There’s at least one City Hall leader betting on a property tax increase for 2012.
Lawrence Mayor Aron Cromwell said Monday that he hasn’t yet seen a proposal that would allow the city to responsibly avoid an increase in its property tax mill levy. Based on preliminary numbers, 2012 city revenues are expected to be about $1.2 million short of expected city expenses.
“We’re faced with a budget that will demand either a substantial cut in city services or a mill levy increase,” Cromwell said. “I’m not comfortable cutting the services we would have to cut.”
City commissioners will dive into the city’s 2012 budget process this afternoon at a 4 p.m. study session at City Hall. The study session will include a presentation from the City Manager’s office that details 11 scenarios under which the city’s mill levy would need to increase for 2012. The scenarios contemplate a mill levy increase ranging from 1.7 mills to 4.6 mills. For reference sake, a 1-mill increase would add $23 in taxes to a $200,000 home.
Here’s a look at some of the issues driving a potential tax increase:
• An expanded Lawrence Public Library: Voters approved that project, so the mill levy increase will happen. Actually, voters blessed a 2.0-mill increase, but City Hall leaders are proposing 1.7 mills for 2012 and then the full 2.0 mills for 2013. That’s a recognition that the library won’t open until 2013, and thus the full amount won’t be needed until then.
• Increased compensation for city employees: Ten of the 11 scenarios included about $380,000 — or 0.4 mill — for increased compensation for city employees.
• Employee health care: The city estimates it needs about $700,000 — or 0.8 mill — to maintain its existing health care plan for employees. Currently city employees don’t pay a premium for their health insurance, although they do pay if they add their spouse or families to the plan. But commissioners are considering changing plans. The new plan would have higher premiums and deductibles for employees.
• Police detective: The city currently has a detective position that is funded largely through grant money. That grant is set to expire, but the city would like to keep the detective position. That would require $100,000 or about 0.1 mill.
• More police officers: New police Chief Tarik Khatib has told city commissioners that he believes the department needs more officers. One plan would call for one detective and four new police officers at a cost of $400,000, or 0.5 mill. Another option would add one detective, three sergeants and five officers at a price of $800,000, or 1 mill. A third option would add one detective, three sergeants and 10 officers at a price of $1.2 million, or 1.5 mills.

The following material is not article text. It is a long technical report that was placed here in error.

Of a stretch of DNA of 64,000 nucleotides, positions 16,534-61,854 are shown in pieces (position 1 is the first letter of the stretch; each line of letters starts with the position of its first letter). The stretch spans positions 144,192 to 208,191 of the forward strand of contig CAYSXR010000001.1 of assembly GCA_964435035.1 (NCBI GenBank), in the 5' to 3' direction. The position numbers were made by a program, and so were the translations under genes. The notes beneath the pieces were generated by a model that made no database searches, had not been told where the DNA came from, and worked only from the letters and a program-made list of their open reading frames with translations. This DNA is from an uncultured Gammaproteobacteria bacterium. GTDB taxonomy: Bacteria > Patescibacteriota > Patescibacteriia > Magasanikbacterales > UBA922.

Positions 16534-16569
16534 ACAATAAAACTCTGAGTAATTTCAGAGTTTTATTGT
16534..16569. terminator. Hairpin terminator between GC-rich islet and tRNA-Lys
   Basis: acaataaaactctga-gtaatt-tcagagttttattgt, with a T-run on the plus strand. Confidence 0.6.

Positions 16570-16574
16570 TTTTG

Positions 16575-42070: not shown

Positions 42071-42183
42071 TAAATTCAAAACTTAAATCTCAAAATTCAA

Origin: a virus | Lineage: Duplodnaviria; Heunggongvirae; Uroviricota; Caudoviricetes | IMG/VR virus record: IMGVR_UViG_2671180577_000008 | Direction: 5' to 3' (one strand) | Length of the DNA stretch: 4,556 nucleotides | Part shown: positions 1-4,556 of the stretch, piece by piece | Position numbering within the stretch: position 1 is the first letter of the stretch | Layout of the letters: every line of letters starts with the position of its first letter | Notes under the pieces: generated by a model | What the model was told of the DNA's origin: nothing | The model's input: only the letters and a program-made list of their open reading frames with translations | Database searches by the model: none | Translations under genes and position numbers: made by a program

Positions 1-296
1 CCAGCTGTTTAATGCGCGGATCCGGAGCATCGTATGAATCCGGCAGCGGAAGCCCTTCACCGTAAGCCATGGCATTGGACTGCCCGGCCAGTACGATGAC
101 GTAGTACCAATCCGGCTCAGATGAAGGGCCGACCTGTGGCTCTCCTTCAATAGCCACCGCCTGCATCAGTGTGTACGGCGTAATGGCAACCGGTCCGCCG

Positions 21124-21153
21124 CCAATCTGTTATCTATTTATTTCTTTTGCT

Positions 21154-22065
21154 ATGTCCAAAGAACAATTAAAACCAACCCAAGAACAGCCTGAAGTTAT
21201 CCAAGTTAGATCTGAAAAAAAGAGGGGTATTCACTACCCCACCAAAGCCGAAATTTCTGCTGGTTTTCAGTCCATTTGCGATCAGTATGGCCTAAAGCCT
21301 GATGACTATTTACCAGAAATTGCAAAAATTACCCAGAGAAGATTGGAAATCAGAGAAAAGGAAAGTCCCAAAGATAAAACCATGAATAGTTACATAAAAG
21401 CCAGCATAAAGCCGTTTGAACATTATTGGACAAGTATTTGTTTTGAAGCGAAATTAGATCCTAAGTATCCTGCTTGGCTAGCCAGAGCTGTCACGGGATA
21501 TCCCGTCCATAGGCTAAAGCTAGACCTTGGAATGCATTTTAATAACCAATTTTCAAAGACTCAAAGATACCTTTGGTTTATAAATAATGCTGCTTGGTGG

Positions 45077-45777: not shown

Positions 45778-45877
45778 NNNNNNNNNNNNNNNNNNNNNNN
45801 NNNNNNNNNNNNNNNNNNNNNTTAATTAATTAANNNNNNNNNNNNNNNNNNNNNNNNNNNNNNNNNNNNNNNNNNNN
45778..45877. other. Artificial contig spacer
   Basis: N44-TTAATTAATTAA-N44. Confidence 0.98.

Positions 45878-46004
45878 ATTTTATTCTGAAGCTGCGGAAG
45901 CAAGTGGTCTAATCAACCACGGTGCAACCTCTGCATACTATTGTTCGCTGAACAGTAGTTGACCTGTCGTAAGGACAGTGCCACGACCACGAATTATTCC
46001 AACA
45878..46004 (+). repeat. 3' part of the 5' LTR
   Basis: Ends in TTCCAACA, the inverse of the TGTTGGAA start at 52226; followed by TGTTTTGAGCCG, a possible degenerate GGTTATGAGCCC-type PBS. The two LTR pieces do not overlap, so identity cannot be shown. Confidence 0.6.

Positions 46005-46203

• Radios: The city is under a federal mandate to get all of its radios for police, fire, public works and the utilities department operating under a new band of frequencies. Radio replacement has been on the city’s to-do list for a number of years, but now the deadline is set to become an issue in 2012. To replace all the radios would be $2.08 million, or 2.5 mills.
The city does have one option for avoiding a property tax increase. The city has its version of a savings account — called a general fund balance — that has a little more than $12 million in it. Cromwell said he was open to using some of that money to pay for one-time expenses — such as the radios — but not for ongoing expenses.
And, of course, there are spending cuts. Corliss also will provide a list of areas where expenditures could be cut, although he’s not recommending them. Among the items that Corliss lists are:
• Cut social service agency funding by 50 percent. That would save the city about $280,000. The cut in funding would hit well-known social service programs, such as the Boys and Girls Club, the Ballard Center, the Lawrence Community Shelter, the Lawrence Arts Center and others.
• Reduce the city’s street paving program. The city in 2011 is expected to spend about $2 million on milling and overlaying city streets. Corliss said the city could choose to do less of that in 2012 but noted that improving streets was a top priority of residents in the recent Citizens Survey.
• Put a freeze on vehicle purchases. As currently crafted, the 2012 budget includes about $200,000 to purchase eight police cars. The commission could choose to push those purchases off for a year.
• Delay filling vacant police positions. The department currently has five vacant police officer positions. It has plans to start hiring those positions later this year. Corliss said the city could push that off and save about $290,000 this year, which could then be used to help offset the gap in 2012.
• Closure and reduced hours. Back in 2009, Corliss proposed several cuts that could be made if the city ended up losing about $1 million in state funding. The reduction in state funding didn’t materialize, but anger over the proposed cutbacks at City Hall did. Those proposed cuts included closure of the Prairie Park Nature Center, reduced hours for the city’s swimming pools and other recreation facilities, and defunding of the city’s crossing guard program. In a recent memo, Corliss said commissioners could consider those list of cuts again, but acknowledged that they were “highly unpopular” among the public.
Cromwell said he doesn’t think any of the possible cuts will get much traction with commissioners.
“I don’t think anybody believes there is anything on that list that makes any sense to cut,” the mayor said.